Boeing’s Starliner passenger spacecraft has successfully returned to Earth.
The uncrewed capsule landed at the US Army’s White Sands Missile Range in New Mexico at the end of a six-day mission to the International Space Station.
Today’s parachute landing marks third time lucky for the Starliner program, which has been marked by delays, equipment malfunctions, and software glitches that have resulted in an emergency landing and an aborted launch. Because these problems could have affected the craft at every step of its test flight, three was an air of suspense right up to touchdown in the New Mexico desert.
A day later, the CST-100 Starliner autonomously rendezvoused and docked with the space lab and the station crew opened the hatch.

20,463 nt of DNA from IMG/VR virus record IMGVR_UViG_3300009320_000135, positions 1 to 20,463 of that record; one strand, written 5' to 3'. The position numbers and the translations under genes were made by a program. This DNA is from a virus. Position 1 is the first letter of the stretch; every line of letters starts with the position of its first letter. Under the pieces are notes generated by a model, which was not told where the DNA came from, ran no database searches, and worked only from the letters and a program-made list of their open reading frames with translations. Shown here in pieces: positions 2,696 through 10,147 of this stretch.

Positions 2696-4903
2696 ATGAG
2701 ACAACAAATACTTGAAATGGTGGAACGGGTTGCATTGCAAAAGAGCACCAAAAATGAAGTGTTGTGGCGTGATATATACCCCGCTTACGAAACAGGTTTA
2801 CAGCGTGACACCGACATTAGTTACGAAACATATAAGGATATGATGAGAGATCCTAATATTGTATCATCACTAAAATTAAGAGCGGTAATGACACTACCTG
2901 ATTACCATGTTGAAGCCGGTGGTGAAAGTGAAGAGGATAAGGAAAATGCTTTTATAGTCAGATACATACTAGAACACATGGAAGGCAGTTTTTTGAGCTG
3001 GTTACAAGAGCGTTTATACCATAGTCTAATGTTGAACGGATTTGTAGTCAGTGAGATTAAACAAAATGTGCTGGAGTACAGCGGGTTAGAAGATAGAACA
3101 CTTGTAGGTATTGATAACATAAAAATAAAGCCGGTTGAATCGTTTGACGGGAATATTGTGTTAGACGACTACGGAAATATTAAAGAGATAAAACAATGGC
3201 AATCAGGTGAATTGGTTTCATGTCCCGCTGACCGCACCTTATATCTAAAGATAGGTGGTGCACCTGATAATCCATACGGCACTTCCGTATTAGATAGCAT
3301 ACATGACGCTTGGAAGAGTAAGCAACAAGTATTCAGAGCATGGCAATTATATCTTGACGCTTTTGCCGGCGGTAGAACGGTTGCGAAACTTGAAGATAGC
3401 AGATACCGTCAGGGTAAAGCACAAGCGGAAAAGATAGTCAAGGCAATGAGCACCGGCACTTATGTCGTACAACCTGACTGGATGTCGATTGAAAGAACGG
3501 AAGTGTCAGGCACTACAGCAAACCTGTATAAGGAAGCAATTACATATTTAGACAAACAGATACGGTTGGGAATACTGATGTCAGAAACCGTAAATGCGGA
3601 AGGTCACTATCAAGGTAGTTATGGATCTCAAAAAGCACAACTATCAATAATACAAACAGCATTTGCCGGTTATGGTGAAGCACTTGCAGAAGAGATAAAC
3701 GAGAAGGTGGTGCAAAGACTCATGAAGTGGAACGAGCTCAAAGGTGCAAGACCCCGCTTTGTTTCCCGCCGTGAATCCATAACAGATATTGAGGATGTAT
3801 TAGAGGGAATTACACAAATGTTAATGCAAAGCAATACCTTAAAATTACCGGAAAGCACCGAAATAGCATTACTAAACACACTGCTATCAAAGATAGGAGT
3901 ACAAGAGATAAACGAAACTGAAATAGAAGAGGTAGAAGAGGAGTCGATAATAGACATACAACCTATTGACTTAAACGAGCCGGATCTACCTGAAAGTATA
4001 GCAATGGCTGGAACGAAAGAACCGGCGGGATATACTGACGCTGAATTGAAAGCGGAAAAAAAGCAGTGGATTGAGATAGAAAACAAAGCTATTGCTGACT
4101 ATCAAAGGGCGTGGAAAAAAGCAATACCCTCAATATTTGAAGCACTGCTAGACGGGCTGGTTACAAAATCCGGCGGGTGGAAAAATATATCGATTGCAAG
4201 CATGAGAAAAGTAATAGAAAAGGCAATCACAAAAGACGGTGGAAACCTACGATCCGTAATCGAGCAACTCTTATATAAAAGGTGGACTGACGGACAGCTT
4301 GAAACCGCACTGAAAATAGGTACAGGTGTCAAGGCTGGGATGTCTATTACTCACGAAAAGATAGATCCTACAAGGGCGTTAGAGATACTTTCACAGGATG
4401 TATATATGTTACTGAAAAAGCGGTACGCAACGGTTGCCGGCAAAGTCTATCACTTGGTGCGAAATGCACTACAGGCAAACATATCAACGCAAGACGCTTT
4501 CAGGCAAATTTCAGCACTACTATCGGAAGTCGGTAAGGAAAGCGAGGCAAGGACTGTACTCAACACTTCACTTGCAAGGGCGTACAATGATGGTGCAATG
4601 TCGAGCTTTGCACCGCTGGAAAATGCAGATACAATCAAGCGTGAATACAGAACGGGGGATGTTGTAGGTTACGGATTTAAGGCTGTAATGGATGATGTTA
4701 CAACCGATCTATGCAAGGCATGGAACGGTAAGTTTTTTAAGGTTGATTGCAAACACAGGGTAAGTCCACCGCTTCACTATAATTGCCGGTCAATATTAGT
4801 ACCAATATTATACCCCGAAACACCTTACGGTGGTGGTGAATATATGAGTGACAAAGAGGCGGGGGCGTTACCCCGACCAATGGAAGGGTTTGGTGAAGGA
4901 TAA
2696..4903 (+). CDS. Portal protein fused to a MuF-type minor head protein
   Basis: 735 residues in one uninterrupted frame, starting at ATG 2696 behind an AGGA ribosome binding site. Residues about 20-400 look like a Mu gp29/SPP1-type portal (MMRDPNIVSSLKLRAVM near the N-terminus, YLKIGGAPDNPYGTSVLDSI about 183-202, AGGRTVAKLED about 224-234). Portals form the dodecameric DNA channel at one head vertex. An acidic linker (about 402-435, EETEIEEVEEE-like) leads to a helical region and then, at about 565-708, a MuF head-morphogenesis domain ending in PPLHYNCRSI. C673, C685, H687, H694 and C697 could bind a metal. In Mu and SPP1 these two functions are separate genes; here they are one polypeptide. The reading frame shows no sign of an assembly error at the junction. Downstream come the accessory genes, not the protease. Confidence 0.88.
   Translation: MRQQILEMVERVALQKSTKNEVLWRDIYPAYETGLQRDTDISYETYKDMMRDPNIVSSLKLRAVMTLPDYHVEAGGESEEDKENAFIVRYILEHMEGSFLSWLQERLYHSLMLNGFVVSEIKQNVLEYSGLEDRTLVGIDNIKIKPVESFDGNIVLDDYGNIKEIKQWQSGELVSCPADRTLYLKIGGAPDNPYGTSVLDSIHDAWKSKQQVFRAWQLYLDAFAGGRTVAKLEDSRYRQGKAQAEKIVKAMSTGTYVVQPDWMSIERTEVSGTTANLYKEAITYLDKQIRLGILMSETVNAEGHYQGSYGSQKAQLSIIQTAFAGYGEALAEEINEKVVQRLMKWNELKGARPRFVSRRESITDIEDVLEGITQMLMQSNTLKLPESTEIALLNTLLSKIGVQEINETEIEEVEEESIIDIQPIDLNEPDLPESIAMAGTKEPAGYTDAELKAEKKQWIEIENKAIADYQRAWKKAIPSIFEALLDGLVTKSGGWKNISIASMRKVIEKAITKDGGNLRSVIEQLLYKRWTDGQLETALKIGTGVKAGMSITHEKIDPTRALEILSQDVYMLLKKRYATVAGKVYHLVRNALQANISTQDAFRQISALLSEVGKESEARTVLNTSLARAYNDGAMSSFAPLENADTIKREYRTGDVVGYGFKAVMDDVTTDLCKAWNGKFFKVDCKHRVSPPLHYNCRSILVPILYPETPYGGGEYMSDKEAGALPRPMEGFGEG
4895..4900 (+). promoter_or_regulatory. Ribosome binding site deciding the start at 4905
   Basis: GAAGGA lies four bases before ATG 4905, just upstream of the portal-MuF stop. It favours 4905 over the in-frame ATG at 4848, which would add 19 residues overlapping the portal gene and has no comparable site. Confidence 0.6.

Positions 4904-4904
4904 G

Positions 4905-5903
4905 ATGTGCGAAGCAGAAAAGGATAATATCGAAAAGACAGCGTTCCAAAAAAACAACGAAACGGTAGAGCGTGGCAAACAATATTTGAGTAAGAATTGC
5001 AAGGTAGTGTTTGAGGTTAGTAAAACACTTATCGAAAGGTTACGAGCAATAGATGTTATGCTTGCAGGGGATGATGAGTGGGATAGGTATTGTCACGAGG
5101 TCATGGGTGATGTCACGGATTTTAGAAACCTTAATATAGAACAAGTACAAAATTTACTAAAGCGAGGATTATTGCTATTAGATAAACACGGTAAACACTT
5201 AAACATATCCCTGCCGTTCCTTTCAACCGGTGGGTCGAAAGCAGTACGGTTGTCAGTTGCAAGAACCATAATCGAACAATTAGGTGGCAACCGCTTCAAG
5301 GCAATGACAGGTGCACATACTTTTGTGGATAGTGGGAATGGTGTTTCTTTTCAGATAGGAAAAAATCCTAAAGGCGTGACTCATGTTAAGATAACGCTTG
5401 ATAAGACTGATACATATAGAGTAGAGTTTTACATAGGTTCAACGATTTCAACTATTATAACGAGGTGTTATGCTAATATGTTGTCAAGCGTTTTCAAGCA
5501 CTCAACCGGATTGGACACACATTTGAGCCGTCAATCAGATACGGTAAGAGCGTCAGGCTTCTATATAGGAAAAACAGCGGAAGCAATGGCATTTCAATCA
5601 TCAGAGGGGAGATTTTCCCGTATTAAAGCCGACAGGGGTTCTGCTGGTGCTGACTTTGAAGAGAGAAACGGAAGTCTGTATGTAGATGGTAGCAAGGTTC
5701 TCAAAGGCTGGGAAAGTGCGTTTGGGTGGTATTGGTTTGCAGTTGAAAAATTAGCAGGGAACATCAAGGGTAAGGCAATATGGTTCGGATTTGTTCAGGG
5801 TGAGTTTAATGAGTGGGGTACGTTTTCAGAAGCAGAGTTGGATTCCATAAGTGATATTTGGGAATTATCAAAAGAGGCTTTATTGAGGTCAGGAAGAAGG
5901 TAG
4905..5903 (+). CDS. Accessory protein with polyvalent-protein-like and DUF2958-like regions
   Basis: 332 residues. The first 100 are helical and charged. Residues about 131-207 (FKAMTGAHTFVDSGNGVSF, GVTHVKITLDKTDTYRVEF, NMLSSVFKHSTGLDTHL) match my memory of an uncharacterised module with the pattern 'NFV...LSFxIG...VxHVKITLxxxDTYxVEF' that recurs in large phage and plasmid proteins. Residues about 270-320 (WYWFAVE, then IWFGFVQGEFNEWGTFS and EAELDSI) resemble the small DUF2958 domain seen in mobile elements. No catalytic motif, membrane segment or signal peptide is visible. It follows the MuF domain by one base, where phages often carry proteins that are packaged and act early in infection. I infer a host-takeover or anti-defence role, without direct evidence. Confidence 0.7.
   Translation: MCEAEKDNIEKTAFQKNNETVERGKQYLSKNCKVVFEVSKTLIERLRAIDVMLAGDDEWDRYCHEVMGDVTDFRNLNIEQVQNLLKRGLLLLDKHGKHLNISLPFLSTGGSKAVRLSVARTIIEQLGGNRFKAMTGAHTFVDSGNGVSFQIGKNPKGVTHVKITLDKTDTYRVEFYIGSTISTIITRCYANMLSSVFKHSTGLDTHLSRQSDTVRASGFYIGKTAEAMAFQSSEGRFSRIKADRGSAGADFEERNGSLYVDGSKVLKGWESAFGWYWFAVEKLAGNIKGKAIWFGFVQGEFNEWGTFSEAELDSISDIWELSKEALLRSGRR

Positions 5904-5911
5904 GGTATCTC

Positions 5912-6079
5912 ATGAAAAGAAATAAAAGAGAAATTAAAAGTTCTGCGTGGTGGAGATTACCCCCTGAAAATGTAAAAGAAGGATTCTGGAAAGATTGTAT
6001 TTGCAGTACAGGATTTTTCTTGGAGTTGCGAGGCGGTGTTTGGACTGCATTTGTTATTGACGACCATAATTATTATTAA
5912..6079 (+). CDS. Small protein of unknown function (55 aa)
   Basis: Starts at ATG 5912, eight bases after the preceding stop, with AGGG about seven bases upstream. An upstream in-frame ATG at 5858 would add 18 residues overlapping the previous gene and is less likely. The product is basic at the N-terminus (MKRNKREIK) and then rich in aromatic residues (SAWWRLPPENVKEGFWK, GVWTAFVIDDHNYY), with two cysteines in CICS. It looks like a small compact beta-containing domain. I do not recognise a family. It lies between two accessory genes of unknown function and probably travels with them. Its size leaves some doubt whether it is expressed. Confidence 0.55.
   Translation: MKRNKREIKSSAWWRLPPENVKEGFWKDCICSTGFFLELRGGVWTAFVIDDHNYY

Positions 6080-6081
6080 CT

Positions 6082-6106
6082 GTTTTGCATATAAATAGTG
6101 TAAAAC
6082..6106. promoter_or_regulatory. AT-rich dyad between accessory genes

According to Boeing, the Starliner flight not only demonstrated the ability of the company to carry out a complete mission from launch to recovery, but also tested the spacecraft’s avionics system, docking system, communications and telemetry systems, environmental control systems, solar arrays, electrical power systems, and propulsion systems.
“We have had an excellent flight test of a complex system that we expected to learn from along the way and we have,” said Mark Nappi, vice president and program manager, Boeing Commercial Crew Program.
“Thank you to the NASA and Boeing teammates who have put so much of themselves into Starliner.”
“With the completion of OFT-2, we will incorporate lessons learned and continue working to prepare for the crewed flight test and NASA certification”